Officials have found how Chinese residents utilize cryptocurrencies to circumvent government prohibitions and send money out of the country as the Chinese government continues to attack cryptocurrencies.
Chinese ignore government restrictions on cryptocurrency
China’s central bank declared all Bitcoin and other virtual currency transactions illegal last month, stepping up a battle to stop the use of unlicensed digital money.
In 2013, Chinese banks were prohibited from dealing with cryptocurrencies, but the government reminded them this year. Officials were concerned that Bitcoin mining and trade could still be taking place, putting the state-run banking system in danger.
“Virtual currency derivative transactions are all illegal financial activities and are strictly prohibited,” the People’s Bank of China said on its website. Cryptocurrency proponents claim that they provide anonymity and flexibility, but Chinese regulators are concerned that they would erode the Communist Party’s control over the financial system and that they will aid in the concealment of illegal behavior.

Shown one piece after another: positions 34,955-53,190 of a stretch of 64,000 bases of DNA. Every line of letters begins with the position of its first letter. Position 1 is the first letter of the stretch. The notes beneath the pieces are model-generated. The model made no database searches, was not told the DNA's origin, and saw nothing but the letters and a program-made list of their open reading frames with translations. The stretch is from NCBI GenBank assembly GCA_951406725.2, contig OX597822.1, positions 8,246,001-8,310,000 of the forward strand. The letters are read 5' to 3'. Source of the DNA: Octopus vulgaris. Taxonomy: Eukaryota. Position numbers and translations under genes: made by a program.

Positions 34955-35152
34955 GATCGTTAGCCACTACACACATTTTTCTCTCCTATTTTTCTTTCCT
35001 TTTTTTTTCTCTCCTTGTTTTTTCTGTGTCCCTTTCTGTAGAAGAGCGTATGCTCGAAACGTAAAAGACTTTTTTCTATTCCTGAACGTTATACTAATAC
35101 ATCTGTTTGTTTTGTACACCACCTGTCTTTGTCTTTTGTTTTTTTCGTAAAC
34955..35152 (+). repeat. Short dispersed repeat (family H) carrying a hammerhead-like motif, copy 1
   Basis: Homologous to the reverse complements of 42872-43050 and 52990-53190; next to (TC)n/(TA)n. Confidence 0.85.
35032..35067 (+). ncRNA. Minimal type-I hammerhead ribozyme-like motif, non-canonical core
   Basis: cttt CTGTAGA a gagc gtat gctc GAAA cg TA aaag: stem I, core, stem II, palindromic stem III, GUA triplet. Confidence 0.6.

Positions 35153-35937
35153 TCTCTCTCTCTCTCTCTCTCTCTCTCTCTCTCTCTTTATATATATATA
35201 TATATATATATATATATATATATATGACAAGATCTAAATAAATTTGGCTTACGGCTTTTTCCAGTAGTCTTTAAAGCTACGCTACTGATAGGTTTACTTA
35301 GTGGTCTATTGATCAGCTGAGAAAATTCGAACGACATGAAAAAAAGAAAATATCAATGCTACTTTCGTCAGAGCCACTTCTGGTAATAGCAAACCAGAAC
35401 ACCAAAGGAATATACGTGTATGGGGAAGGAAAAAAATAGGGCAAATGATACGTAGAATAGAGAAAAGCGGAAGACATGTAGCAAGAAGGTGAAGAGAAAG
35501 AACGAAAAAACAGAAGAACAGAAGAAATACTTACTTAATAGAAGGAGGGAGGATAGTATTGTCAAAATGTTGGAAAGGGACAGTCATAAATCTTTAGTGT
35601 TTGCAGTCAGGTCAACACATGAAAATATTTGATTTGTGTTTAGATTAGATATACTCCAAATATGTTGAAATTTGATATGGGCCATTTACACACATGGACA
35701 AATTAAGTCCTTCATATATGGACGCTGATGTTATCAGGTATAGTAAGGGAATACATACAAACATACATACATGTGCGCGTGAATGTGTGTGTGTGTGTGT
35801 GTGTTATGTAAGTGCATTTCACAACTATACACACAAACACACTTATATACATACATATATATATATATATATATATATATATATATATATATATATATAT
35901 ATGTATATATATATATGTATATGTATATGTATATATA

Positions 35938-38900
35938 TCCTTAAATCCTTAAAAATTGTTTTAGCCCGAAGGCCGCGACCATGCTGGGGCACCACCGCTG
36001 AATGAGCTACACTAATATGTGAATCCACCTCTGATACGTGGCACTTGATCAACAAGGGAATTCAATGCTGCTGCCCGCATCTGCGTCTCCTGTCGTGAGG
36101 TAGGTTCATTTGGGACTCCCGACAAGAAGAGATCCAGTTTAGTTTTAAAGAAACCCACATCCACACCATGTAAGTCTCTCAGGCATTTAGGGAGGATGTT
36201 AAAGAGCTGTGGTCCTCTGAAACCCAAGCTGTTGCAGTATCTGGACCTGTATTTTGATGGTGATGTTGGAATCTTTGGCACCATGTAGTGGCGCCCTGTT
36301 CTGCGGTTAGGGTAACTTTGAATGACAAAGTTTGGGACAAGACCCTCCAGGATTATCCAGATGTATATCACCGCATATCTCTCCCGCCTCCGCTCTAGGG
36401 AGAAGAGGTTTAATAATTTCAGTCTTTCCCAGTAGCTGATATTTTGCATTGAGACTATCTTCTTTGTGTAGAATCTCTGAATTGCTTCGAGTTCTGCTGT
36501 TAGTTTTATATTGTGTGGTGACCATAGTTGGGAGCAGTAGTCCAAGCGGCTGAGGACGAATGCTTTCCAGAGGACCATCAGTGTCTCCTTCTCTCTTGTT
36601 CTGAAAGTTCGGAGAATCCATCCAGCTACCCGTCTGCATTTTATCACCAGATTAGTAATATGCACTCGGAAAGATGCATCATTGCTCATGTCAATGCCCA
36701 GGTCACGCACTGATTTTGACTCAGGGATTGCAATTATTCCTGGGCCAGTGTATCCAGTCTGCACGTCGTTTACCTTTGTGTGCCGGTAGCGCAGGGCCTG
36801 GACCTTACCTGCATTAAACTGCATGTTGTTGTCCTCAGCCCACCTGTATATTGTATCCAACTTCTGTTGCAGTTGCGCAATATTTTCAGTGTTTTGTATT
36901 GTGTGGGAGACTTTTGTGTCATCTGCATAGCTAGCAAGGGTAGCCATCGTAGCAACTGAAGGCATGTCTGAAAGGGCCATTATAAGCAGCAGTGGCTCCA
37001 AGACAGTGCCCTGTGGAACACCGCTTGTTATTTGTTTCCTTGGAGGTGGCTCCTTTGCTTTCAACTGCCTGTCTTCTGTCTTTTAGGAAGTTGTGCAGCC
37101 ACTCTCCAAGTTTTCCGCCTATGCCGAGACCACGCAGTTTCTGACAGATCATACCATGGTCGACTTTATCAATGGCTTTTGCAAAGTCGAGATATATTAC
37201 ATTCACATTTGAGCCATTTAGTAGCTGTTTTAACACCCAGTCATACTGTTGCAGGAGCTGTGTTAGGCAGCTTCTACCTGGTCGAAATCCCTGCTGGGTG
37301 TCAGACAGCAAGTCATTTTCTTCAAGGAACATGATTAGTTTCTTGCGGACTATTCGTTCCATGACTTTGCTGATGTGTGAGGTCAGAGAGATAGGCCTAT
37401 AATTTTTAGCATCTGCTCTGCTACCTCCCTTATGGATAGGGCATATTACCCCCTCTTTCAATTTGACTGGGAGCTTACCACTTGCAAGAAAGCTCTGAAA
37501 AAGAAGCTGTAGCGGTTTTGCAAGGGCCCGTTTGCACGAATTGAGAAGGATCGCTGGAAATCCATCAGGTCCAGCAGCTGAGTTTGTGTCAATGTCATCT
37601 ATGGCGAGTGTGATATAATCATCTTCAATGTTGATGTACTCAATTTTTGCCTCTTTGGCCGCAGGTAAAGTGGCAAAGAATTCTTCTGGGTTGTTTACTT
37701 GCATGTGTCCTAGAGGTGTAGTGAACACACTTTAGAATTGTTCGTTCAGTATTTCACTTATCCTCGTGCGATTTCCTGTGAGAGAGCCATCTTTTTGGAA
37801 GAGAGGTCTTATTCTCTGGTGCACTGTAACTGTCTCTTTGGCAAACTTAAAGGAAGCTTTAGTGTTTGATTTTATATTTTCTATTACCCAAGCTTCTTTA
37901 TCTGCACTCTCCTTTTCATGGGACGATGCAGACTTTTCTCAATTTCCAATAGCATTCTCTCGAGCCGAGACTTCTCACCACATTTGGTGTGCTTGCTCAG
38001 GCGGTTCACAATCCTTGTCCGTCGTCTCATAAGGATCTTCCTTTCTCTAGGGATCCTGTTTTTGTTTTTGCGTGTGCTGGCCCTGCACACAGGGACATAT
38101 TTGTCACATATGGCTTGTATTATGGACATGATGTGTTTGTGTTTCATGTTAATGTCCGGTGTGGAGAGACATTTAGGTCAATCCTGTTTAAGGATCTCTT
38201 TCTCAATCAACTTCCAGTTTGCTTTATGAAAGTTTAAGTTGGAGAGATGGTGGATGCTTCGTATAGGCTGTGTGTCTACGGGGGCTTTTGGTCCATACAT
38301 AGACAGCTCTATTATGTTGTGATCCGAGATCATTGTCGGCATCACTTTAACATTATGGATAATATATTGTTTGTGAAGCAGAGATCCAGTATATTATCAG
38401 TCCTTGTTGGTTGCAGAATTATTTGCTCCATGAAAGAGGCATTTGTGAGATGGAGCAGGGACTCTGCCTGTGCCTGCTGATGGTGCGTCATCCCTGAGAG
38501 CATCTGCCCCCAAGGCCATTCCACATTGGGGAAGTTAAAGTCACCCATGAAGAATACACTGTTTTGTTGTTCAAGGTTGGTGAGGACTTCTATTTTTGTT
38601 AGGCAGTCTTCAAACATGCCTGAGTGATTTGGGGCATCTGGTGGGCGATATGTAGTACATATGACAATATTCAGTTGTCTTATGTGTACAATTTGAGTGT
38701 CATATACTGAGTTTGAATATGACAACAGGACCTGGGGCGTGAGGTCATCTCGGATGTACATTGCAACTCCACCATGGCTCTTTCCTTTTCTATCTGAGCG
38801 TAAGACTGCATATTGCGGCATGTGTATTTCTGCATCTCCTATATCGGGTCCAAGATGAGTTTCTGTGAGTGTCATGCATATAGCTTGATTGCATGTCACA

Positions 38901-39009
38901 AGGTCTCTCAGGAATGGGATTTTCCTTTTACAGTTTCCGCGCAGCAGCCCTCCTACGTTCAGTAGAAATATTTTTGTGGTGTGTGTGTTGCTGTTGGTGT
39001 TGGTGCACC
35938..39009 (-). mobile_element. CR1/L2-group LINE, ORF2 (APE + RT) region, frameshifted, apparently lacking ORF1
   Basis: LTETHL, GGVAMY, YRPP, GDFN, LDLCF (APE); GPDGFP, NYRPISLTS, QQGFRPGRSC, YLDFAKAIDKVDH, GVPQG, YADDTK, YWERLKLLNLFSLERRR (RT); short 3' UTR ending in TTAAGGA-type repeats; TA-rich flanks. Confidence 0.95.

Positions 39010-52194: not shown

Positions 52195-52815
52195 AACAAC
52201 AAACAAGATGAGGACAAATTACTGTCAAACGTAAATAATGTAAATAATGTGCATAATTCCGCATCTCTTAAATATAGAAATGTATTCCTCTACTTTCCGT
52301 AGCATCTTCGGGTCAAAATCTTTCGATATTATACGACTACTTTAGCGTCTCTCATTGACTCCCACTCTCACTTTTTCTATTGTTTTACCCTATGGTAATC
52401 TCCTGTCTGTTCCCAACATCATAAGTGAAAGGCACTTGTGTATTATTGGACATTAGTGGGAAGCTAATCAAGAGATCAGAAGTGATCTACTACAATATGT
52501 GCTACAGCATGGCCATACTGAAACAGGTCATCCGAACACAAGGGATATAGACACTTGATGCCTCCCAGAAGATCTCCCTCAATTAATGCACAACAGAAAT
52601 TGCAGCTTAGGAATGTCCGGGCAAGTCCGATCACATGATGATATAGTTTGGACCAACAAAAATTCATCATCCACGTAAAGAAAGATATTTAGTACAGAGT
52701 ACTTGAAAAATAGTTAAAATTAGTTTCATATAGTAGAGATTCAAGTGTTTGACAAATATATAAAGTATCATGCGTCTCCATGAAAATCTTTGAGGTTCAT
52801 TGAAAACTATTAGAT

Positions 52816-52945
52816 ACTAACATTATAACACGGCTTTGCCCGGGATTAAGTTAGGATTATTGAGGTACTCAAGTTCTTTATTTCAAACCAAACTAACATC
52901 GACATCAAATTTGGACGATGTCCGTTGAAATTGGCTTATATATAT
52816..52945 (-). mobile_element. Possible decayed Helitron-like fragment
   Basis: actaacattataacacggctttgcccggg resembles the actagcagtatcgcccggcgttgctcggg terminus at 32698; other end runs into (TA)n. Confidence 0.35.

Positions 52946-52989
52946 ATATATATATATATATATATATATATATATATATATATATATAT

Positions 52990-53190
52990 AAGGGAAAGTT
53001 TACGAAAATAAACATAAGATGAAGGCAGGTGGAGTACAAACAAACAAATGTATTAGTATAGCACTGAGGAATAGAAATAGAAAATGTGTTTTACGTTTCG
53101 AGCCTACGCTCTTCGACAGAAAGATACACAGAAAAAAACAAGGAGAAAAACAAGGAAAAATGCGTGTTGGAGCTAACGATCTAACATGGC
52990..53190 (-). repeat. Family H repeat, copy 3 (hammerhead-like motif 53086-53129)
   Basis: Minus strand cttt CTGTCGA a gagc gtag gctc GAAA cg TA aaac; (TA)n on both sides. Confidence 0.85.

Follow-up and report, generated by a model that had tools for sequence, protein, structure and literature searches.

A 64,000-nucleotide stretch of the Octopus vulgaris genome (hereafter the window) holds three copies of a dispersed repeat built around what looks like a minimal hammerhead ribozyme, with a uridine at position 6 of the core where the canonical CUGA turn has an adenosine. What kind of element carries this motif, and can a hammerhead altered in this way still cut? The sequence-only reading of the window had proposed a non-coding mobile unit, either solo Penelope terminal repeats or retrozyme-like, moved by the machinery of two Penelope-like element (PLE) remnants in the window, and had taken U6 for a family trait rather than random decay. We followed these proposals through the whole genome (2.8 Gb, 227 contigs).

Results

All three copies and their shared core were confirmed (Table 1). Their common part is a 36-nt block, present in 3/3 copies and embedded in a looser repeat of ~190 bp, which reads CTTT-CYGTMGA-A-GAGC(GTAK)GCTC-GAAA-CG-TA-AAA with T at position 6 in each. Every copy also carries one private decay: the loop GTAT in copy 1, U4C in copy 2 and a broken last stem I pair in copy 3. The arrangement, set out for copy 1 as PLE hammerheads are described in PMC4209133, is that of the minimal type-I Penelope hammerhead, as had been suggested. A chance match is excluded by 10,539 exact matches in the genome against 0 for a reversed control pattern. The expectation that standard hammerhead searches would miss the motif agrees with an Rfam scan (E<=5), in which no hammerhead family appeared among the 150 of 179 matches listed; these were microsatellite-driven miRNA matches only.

Many Chinese citizens, according to the Chinese authorities, are using cryptocurrencies to transmit money abroad, particularly to their neighbor Japan. Japanese regulators were the ones who discovered large foreign transactions from China to Japan this time.
During an inquiry, it was determined that the Chinese were using cryptocurrencies to send money to Japan. The monies were then changed into Japanese yen.
The revelation was made during a Japanese inquiry into corporate financial transfers, according to the Chinese authorities. A Japanese photographic company provided a conduit for Japan’s National Tax Agency.
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